You want to be in the middle, offering a firm handshake that instills a sense of confidence, as well as respect for the person you’re shaking hands with.
On a side note. I know with the World Wide pandemic still going on. A handshake is frowned upon right now. I’m confident that once all of this is behind us, the handshake will make its return. And you should be ready to start offering them again.
A handshake is something my father was never stingy in offering. In fact, I remember my friends in high school telling me how much they liked my dad. Every time they came over, he would get up, smile and shake their hands and ask them how they were doing. Unlike the other kid’s fathers, who never paid much attention to us, mine always made my friends feel welcome.
I also remember my father getting down on one knee to shake young children’s hands whenever someone he knew introduced their kids. It made a big impression on the kids as well as their parents.
My dad never missed the opportunity to shake someone’s hand. And I’m proud to say it’s a trait I picked up from him. And I look forward to the day when I can start doing it again.
Step 3) Try to use the person’s name in conversation as much as possible.
From birth, we’re conditioned to the sound of our own name. We react to it in a way we don’t react to anything else. Our name is one of the most precious sounds in the world to us.
I know personally, I pay special attention whenever a character in a book, tv show or movie is named Mark. I remember feeling extra special as a kid when I found out the actor that played Luke Skywalker had the same first name as me.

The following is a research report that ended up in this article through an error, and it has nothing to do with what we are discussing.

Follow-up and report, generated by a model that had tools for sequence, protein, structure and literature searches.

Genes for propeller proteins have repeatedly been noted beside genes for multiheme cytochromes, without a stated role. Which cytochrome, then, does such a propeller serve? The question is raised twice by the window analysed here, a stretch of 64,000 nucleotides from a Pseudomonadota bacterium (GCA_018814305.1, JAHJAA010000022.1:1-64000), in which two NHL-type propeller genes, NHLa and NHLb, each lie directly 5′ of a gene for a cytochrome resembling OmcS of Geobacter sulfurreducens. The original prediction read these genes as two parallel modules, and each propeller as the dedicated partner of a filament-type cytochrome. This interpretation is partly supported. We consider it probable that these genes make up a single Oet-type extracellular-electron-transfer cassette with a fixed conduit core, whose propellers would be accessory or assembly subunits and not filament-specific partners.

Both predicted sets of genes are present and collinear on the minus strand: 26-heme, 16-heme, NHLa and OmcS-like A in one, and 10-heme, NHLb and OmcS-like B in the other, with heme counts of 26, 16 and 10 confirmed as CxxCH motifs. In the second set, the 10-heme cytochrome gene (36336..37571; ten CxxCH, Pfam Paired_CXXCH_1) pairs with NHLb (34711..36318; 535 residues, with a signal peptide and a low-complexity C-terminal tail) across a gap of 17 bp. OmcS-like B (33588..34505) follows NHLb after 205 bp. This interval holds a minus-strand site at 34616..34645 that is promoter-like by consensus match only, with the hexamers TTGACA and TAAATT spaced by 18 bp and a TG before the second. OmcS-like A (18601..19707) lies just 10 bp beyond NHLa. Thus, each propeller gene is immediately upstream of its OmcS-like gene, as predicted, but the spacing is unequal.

Whenever you use someone’s name in conversation, you’re telling them you care about them. That you find them important and that you respect them enough to use their name.
Now, this can be tricky. Especially if you’re not good with names. I know I’m not nearly as good as my dad. But I try my best. And something to remember, you should never be ashamed to tell someone you forgot their name. In fact, by saying you don’t remember and asking them to repeat it, you’re telling the person you care enough about them to want to know their name. Just don’t make a habit of forgetting their name, or it will backfire on you.
I know that any time I answer the phone, the first thing I do is write down the name of the person calling. That way, I can refer back to it while talking to them. And if they don’t offer their name, it’s one of the first questions I ask before continuing the conversation. And then I make sure to use it.
After all, what do you think sounds more personable.
“I’d love to work with you on this project. I’ll send you a quote by the end of the day.”
“I’d love to work with you on this, Sarah. I’ll send you a quote by the end of the day.”
Most good salespeople use this tactic because it works. And so can you when talking to clients.
Step 4) Show interest in the person you’re talking to.
Ask any dating expert, and they’ll tell you that one of the most attractive features in a date is someone who shows more interest in you than in sharing about themselves.
Now chances are you’re not seeking any romantic relations with your clients. But the principles are the same. The more you talk about and express interest in the client, the more inclined they’ll be to like, trust and want to work with you.
The easiest way to accomplish this is by asking questions.
Most conversations involve two or more people, each sharing their own views. This is why questions are great attention-grabbers. Questions disrupt the normal flow of a conversation by focusing what you say on the other party.
According to the Journal of Personality and Social Psychology, the best type of question to ask is a follow-up question. Not only does a follow-up question refocus the conversation on the client. But it shows them that you were paying attention and that you were interested enough to want to know more about what they were saying.